Global equity markets continued to trade with an elevated level of volatility during November as investors were challenged by slowing global growth and tightening financial conditions. Despite this backdrop the New Zealand exchange was again a relative outperformer. As we head into the conclusion of 2018 with financial headlines full of references to trade wars and political uncertainty, it is important for investors to be aware of the strong fundamentals that have supported our local market in recent times and to understand how these characteristics could influence outcomes in 2019.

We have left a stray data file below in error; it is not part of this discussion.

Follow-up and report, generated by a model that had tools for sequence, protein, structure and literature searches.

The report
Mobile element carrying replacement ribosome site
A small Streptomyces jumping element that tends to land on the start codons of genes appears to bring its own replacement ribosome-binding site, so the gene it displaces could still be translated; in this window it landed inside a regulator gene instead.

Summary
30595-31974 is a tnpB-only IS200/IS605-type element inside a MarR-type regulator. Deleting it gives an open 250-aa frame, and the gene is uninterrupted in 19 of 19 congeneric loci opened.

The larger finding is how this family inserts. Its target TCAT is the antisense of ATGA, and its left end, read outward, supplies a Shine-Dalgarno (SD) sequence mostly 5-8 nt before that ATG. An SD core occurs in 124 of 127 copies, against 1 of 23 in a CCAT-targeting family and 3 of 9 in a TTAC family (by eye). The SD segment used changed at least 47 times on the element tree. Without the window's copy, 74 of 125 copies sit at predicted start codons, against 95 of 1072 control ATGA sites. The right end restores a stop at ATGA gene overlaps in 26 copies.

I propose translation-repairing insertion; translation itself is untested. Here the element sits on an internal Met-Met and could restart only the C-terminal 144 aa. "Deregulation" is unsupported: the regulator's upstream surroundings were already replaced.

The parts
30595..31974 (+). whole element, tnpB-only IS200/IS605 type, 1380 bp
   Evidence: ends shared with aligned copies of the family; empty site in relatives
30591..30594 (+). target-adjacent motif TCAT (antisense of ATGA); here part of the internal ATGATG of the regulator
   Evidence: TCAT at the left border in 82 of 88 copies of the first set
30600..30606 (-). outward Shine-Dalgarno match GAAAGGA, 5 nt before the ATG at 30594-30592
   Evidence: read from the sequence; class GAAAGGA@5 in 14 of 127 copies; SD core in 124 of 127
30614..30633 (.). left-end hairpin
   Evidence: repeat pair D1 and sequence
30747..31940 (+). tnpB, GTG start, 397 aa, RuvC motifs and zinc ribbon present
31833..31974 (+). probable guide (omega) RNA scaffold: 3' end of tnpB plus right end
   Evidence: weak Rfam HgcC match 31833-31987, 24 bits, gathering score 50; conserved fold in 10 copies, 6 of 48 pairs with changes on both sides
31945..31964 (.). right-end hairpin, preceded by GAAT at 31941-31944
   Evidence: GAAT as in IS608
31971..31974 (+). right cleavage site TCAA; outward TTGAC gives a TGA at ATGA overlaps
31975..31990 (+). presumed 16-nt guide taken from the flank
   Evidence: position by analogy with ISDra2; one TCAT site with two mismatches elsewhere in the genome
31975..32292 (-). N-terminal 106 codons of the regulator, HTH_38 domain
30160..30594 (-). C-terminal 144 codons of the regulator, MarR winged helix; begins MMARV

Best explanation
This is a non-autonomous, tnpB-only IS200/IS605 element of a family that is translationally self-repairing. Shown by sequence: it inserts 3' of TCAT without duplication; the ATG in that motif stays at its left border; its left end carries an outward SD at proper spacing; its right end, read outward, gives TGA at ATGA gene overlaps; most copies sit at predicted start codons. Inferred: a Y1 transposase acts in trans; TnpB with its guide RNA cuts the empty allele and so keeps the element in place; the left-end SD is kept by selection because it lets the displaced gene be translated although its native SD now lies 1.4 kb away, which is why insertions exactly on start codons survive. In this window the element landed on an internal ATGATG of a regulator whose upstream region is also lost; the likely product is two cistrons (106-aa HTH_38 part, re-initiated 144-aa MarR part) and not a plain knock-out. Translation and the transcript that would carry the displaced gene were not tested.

Since January 2008, the NZX50 Index has returned over 117%. This performance is impressive in an absolute sense but it should also be considered in a relative context. Over the same period other major markets have also rallied, but not to the same extent. The MSCI World Index (which is the most commonly referenced global equity index) is up 79% whilst our two largest trading partners, Australian and China have generated returns of 50% and 19% respectively. Looking at just the past year, New Zealand has again outperformed. What is also equally important to note though is that since January 2008 our local outperformance has been achieved with a lower level of risk than was evident in many of the other international markets. There are a number of ways to demonstrate this but one of the most popular methods is to compare the different levels of volatility evident in the returns. Over the past eight years, the monthly average standard deviation of returns for the NZX50 Index has been 3.2%. This compares very favourably with Australia’s ASX 200 Index that experienced 3.9%, the US S&P500 Index at 4.3% and the MSCI World Index at 4.6%. The correlation of New Zealand equity market returns in relation to many of the other major global indices was also very low. This period of strong performance, with lower risk and diversification benefit has certainly captured the attention of foreign buyers with their ownership of our market increasing from 33% in 2008 to almost 50% today.